Sometimes life gets in the way, and our best-laid travel plans come to a screeching halt. But what happens if you’ve booked those travel accommodations with your frequent flier currency? You may wonder whether you’ll lose those hard-earned points and what penalties you face.
The good news is that airlines have policies in place to make sure you can get them back. The bad news is that each policy is different, and there are a range of fees attached to canceling reward tickets.
With that in mind, it’s important to check the fine print. So before you click ‘book now,’ take a look at the information I’ve gathered here about some popular carriers and their cancellation policies for reward tickets.
You’re in luck if you cancel your ticket booked with Mileage Plan miles within 60 days of your travel date. Change and cancellation fees are waived if you can pull the plug in that time frame. If you can’t, expect to pay a $125 fee. Once that is paid, your miles will be redeposited into your account and any taxes paid will be refunded. However, the call center and partner award fees are non-refundable.
If the ticket has not expired, you can request to have your AAdvantage miles reinstated for a wholly unused AAdvantage award ticket. The charge to do that is $150 per account for the first award ticket, and then $25 each for any other tickets booked through the same account.
The reinstatement charge is waived for Executive Platinum members using their AAdvantage miles.
If you’re fortunate enough to be a frequent flyer with Delta and have Diamond or Platinum Medallion status, any award booking cancellation fees will be waived. For anyone else, there is a cost of $150 per ticket to redeposit your miles.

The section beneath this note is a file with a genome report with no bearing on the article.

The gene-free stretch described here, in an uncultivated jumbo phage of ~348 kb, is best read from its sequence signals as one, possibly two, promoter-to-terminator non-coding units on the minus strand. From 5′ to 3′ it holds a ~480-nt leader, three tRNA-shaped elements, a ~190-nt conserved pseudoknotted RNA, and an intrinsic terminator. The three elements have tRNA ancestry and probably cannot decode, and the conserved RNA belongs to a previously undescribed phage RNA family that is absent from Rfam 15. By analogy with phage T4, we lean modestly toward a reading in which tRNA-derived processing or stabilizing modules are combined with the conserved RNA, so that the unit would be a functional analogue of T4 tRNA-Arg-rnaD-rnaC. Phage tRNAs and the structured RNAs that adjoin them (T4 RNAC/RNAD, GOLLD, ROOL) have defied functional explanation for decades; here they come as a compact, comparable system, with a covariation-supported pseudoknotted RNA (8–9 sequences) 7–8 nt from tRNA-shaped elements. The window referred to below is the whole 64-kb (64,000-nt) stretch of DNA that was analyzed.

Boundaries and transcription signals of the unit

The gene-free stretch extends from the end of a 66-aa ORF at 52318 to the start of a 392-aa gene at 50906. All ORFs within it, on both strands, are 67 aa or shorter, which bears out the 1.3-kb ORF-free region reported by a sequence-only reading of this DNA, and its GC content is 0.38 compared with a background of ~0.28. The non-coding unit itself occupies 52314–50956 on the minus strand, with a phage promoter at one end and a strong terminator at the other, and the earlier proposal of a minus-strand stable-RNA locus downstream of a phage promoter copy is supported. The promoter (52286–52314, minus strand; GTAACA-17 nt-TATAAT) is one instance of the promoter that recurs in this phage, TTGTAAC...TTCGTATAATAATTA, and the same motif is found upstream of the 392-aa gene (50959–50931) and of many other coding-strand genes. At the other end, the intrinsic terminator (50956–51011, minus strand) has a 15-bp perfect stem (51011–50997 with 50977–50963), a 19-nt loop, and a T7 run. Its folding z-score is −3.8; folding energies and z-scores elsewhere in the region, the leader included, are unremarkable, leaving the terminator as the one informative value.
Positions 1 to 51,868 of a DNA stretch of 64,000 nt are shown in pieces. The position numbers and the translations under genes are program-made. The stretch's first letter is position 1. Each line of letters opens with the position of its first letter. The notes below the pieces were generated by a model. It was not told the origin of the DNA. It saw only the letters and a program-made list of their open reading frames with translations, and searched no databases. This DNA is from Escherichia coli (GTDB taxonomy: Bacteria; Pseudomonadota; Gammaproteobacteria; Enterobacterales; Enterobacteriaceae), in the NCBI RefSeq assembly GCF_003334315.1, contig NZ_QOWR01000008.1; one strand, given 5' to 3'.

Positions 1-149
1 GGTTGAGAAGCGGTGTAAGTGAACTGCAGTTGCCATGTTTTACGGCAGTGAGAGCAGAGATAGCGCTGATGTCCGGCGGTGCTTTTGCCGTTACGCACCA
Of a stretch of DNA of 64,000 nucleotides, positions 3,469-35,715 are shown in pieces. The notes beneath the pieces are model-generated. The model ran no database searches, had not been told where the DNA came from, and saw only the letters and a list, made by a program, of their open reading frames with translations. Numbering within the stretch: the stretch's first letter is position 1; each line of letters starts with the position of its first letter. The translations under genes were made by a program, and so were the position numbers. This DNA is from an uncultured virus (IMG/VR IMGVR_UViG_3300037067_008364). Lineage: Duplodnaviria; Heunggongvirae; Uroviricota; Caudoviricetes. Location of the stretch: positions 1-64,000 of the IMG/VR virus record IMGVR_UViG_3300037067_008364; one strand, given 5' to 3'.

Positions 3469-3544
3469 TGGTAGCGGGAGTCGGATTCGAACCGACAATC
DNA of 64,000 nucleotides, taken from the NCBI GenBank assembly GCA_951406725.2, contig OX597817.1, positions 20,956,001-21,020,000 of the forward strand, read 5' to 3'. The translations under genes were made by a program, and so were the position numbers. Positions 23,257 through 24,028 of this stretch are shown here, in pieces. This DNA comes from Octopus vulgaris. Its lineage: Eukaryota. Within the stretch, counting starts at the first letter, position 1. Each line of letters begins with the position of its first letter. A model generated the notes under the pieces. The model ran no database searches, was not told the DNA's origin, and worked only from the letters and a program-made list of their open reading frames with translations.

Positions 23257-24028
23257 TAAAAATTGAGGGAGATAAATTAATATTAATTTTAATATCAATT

You must cancel award tickets at least 72 hours prior to the originating flight departure time in order for you to have those award miles redeposited into your account.
If you need to cancel your award ticket, expect to pay a $75 redeposit fee to get your EarlyReturns miles back. And you can’t just be a no-show: you need to cancel your Economy Award ticket prior to departure in order for it to retain its value in miles.
Change and cancellation fees require work to decipher because they depend on the price of the ticket and fare options (Blue, Blue Plus or Blue Flex). For cancellations within 60 days of departure date, it ranges from $70 (fares under $100) to $135 (fares more than $150) for Blue. For Blue Plus, cancellations within 60 days of departure date range from $60 (fares under $100) to $120 (fares more than $150). There are no charges for tickets booked as Blue Flex.
Southwest’s policy is a breath of fresh air for travelers facing cancellation of a ticket booked using reward points. The airline boasts a “change fees don’t fly with us” policy so no fees or penalties apply. It asks customers to allow up to four days after the date of the last flight for the points to be returned.
Of the airlines I checked, cancelling an award ticket with United was the most costly. If you don’t have status in its MileagePlus program, it will cost you $200 to re-credit the miles used to book an award flight, up to one year from the original date of issue. Premier Silver status holders are charged $125, Premier Gold members pay $100, and there is no fee for Premier Platinum members.
For tickets booked with Virgin America Elevate points and then canceled, there is an Elevate redeposit fee of $100 for Elevate Red or Silver members. The fee is waived for those with Elevate Gold status. The airline asks customers to allow up to one week for points to be redeposited into their accounts.
The bottom line: If you have to cancel a flight you booked with points or miles, you don’t have to lose out.
Read up on your programs’ policies, see if having status lowers (or eliminates) redeposit fees, and don’t just be a no-show. You’ll be prepared to take the appropriate action should you need to get a reward trip refunded.